Defending America With Science

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It has been four years since the final Space Shuttle flight.  Among other things in the 30-years of the shuttle program it made possible the construction of the International Space Station.  At this very moment the station has a full crew, is orbiting the earth some 250-miles out,  and is carrying for dozens of active scientific experiments.

For some 15 years, workers in the Payload Operations Center at Marshall Space Flight Center have been instrumental in making the science on the station, work. "It's a huge responsibility. I mean, we are NASA's operators of experiments on the space station," says Payload Operations Director, Stephanie Dudley. The science on the station is international, but it all goes through Marshall's Payload Operations Center.

In recent weeks, there have been some incredible breakthroughs in research about the planet Mars.  The POC, as it's called, had nothing to do with any of them.  It very much has something to do with research on the ISS that will make human travel to Mars and back, possible. "We would not have known about the eye changes that astronauts experience without having been on station. If we skipped this step, if we sent them straight to Mars, they would have gotten there and not been able to see," says Dudley.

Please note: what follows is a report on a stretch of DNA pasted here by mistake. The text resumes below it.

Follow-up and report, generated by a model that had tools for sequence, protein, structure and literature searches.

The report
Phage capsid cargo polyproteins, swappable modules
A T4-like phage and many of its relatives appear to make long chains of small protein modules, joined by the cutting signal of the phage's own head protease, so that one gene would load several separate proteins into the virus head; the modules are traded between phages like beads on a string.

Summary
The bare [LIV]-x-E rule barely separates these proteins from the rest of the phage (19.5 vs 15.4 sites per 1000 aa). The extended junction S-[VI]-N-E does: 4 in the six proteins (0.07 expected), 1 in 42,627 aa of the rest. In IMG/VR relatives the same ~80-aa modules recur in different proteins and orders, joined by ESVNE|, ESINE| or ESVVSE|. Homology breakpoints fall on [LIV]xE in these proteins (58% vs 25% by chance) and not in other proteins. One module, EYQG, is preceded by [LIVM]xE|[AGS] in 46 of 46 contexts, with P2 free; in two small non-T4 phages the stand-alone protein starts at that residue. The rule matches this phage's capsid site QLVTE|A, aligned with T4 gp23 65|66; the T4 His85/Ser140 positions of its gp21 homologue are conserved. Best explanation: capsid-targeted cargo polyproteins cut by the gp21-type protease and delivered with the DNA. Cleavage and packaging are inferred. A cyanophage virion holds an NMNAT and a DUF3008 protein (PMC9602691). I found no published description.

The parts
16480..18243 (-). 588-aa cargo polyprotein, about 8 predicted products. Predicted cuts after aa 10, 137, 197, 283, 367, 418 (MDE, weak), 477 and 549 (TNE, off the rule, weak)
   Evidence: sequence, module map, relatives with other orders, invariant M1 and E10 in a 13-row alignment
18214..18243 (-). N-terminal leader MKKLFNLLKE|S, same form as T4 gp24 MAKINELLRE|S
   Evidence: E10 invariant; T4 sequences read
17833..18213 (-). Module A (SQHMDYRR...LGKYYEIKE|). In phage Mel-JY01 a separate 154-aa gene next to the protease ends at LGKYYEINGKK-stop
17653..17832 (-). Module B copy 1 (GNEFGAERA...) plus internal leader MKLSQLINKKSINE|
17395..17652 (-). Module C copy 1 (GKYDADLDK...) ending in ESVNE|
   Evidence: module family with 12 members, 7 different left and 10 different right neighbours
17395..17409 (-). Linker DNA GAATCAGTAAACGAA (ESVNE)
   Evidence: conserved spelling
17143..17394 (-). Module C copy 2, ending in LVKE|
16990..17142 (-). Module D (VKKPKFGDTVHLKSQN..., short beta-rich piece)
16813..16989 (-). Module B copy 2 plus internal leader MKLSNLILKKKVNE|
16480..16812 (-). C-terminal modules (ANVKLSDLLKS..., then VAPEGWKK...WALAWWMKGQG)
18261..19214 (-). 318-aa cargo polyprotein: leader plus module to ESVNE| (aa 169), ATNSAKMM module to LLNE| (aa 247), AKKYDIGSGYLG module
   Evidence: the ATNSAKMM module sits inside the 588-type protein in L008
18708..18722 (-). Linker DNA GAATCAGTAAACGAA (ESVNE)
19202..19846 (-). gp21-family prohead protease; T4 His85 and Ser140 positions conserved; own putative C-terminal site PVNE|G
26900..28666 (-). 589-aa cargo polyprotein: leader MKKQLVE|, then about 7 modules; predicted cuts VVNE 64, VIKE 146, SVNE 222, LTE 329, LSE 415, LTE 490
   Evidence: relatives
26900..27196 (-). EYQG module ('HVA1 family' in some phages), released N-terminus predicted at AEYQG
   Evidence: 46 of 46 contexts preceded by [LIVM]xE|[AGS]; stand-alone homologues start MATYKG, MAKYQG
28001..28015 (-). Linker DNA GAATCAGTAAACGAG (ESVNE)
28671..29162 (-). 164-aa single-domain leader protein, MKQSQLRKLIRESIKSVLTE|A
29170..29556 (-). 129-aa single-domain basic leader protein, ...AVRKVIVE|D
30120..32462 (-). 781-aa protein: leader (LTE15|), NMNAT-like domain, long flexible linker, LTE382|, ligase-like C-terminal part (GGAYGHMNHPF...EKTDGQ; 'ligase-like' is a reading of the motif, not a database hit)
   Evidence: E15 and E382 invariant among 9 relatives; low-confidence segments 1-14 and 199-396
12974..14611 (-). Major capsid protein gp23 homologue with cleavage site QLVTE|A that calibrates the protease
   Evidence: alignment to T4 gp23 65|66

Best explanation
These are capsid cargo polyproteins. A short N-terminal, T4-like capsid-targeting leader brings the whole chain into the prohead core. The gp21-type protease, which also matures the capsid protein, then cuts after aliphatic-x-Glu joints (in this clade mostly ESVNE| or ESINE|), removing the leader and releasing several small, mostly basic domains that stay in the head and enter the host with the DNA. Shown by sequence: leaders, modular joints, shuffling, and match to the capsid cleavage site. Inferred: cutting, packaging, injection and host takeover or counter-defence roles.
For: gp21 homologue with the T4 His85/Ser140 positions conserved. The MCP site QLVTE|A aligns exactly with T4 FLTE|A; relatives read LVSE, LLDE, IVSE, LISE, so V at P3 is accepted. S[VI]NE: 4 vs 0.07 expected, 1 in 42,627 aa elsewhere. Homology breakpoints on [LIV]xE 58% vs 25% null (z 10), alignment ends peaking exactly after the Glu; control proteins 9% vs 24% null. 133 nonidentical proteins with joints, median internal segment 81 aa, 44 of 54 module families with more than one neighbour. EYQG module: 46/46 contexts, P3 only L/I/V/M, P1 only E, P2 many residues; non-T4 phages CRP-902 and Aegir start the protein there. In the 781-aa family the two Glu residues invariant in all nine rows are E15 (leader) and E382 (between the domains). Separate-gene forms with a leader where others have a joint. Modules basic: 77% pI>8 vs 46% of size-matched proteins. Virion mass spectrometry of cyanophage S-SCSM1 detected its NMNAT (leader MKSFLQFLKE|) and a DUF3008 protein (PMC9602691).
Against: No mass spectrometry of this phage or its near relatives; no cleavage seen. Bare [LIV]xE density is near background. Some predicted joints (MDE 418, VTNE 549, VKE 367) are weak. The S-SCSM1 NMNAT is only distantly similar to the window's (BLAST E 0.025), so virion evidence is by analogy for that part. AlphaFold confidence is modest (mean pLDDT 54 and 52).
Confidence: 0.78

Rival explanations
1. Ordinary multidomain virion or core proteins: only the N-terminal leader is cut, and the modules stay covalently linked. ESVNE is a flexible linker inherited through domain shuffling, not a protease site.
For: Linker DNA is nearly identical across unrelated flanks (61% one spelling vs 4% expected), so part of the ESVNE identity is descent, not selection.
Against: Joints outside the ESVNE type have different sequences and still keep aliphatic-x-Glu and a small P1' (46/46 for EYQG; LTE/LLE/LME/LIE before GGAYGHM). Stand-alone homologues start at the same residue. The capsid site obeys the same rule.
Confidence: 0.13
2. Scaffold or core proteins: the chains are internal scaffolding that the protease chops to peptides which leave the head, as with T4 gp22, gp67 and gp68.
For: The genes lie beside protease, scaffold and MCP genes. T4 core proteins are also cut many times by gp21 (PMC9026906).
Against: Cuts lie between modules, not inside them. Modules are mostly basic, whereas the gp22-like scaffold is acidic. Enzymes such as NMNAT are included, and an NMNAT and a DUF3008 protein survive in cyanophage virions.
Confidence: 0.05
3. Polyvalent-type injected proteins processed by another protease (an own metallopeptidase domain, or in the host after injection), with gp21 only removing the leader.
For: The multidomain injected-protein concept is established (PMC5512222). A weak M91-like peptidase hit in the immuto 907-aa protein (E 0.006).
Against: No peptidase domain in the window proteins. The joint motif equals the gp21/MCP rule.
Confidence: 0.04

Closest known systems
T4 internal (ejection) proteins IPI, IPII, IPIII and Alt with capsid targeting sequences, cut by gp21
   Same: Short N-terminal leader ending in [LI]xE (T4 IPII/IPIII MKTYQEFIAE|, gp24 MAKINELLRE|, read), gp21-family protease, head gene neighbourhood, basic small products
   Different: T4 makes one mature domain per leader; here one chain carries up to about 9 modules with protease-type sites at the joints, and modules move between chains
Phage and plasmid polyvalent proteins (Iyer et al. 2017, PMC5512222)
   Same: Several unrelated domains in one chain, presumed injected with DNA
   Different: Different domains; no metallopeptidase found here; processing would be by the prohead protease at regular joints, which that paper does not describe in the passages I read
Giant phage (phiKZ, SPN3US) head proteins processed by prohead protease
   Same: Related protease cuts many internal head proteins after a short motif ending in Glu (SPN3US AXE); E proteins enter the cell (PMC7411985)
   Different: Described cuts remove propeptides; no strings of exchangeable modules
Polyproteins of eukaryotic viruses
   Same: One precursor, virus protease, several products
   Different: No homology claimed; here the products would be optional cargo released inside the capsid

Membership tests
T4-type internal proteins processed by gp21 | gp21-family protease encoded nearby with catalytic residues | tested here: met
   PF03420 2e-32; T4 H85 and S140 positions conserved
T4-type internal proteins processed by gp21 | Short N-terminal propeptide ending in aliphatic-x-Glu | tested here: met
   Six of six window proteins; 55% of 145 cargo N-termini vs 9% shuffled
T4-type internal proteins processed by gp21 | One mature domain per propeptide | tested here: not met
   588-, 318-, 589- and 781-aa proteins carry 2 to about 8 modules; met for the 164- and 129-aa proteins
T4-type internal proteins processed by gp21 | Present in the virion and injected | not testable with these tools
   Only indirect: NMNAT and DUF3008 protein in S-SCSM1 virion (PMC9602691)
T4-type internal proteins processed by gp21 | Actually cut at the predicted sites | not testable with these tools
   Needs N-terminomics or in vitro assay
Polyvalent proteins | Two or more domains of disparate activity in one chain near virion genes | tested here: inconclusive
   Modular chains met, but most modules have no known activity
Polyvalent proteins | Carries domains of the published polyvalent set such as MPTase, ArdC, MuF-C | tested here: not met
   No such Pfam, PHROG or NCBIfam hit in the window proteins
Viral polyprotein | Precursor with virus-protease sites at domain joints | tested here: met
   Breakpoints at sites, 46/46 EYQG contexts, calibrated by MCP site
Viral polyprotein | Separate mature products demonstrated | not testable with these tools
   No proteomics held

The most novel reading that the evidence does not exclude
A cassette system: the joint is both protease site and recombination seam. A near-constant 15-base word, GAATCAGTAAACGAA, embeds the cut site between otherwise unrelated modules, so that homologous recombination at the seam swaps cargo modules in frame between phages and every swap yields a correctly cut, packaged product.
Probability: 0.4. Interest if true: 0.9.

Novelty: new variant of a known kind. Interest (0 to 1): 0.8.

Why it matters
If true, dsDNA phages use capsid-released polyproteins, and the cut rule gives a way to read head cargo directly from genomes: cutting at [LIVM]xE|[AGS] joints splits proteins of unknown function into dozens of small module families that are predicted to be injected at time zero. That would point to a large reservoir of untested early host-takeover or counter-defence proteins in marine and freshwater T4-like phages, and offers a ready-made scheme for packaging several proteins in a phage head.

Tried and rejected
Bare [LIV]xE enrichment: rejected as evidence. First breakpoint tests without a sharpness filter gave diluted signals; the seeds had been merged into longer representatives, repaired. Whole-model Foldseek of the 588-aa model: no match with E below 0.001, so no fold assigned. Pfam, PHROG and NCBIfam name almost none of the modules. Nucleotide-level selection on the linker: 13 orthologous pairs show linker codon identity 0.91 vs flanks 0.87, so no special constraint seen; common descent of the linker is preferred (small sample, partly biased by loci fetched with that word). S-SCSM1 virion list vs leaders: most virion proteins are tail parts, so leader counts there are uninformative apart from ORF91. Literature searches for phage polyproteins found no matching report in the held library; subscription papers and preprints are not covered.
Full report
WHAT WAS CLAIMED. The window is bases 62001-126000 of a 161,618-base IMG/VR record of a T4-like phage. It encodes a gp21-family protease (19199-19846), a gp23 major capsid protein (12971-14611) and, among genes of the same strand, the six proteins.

The science of space travel is one thing, but what about experiments on the station that will help people on Earth?  "Studying how astronauts adapt to changes in their bones because of the lack of gravity is directly adaptable  to women experiencing osteoporosis," says Stephanie Dudley.  Osteoporosis is this serious problem of bone loss, and it has a disproportionate effect on women.

Right now, there are 240-experiments underway on the ISS.  Workers in the Payload Operations Center actually operate them or deal with station crew that operates them.  It is a 24-hour a day, seven days a week job.

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